Andrew saw how much I was enjoying reading the few I picked up, so he went on a hunt for them. He gave me a bunch for Christmas to add to my ever-growing stash. "The Cat Who..." series have become my go-tos when I want "comfortable" books. They are like wearing a warm blanket with two cats purring on you. I highly recommend them.


Me in front of gram's house. Halloween about 1986ish.  (Note: Her melted wax scarecrow on the door. I'm happy to say I inherited all...

My Life is Chaos Part 4: Gram's House & Sjogrens Syndrome

Me in front of gram's house. Halloween about 1986ish. 

(Note: Her melted wax scarecrow on the door. I'm happy to say I inherited all of her holiday melted wax decorations.)

My parents got divorced when I was 5 years old. At that point, my mom and I moved in with my gram. I lived with gram until my mom got remarried, but that didn't happen until I was 14. My gram's house played a big role in my life. I grew up living there. It was a small house in the city of Buffalo ~ the Kaisertown area ~ where a bunch of Polish people migrated, it was off a main street across from a park. The house had been added on to several times, and I think it was built at the turn of the century. I was told it originally had an outhouse. The bedrooms could only fit a bed and one dresser, there was no basement, and the attic was an attic, filled with boxes and mainly used for storage. The house was heated by a furnace in the center of the dining room. I grew up thinking anyone that had a finished attic or basement was rich. When I dream of a house, it's usually gram's.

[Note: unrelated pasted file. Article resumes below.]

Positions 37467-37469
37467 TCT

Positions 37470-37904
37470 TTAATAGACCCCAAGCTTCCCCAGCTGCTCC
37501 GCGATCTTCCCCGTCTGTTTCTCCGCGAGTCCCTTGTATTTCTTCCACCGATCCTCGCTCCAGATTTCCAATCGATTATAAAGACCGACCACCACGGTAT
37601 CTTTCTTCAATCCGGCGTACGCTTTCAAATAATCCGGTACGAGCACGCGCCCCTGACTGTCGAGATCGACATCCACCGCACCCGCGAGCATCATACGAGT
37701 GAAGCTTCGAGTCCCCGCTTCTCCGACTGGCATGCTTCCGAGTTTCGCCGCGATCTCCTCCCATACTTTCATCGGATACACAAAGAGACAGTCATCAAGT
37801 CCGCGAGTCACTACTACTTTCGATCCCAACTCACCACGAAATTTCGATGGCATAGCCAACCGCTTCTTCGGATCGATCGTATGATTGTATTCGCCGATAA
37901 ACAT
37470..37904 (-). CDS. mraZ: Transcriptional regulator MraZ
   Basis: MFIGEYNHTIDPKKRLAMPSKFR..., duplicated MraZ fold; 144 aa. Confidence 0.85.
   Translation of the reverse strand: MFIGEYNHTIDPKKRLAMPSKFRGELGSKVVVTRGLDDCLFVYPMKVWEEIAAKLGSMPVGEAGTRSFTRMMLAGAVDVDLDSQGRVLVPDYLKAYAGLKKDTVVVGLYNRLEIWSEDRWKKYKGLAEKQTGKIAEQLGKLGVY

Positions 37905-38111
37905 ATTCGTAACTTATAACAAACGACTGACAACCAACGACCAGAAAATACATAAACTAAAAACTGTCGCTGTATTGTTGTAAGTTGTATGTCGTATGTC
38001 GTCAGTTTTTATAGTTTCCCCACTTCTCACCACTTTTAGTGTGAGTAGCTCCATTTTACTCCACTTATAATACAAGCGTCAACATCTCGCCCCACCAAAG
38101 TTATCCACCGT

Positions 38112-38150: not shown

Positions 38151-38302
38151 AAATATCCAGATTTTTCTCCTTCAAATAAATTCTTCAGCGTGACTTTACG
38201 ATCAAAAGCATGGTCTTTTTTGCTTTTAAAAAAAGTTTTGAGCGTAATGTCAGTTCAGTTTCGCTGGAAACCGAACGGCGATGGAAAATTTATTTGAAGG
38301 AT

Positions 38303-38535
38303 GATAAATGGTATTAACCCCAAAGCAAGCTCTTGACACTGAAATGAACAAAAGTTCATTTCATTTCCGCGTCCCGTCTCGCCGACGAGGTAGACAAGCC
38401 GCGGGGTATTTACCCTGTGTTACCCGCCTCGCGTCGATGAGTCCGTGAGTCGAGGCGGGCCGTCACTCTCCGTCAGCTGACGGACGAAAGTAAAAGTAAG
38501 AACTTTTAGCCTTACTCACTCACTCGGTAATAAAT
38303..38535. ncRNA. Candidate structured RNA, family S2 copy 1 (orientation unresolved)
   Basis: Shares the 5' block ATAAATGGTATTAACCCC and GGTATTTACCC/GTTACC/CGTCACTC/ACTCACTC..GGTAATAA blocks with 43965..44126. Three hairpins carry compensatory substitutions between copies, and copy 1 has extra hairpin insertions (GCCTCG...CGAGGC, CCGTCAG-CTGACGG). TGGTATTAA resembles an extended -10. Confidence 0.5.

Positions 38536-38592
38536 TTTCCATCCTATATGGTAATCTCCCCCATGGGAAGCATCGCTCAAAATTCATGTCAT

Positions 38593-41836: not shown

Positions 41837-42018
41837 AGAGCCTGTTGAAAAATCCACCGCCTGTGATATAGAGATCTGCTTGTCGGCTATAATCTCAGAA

Attic stairs with trap door.

Attic, now mostly empty.

I loved her oven, and if I could have taken it with me, I would have.

My gram lived there until the end. She died 14 years ago and the house went to my mom. My mom didn't want it, but she also didn't sell it. She couldn't bring herself to clean it out. Everything about it had sentimental value. I tried to help her move things out, but she'd end up crying, and I'd end up getting mad because we didn't make any progress. 

This past year, the roof on my gram's vacant house started leaking. I reiterated to my mom, “You NEED to sell this house.” She sold it and closed on it last month. All through November and December I was helping her clean it out. That took up a ton of my time, but I'm glad the burden of the house is gone for her.

Thank you for sticking with me through my tough times and following along. In addition to My Life is Chaos Parts 1, 2, and 3, I was exhausted like never before, and went to the doctor to get a bunch of tests done. I tested positive for Sjogrens Syndrome in December. It makes sense because a couple years ago my elbow swelled up to the point I couldn't bend it. Remember that fun time?! I was given Rheumatoid Arthritis meds, and the swelling went away. Sjogrens is an autoimmune disease. The most famous person to have it is Venus Willams. Mainly my symptoms are severe dry eye, fatigue, and arthritis. I know what you're thinking, “Julie Ann, you're a young babe, how can this be?!” I'm really 86, don't I look good? But seriously, let me give you some advice....don't get old.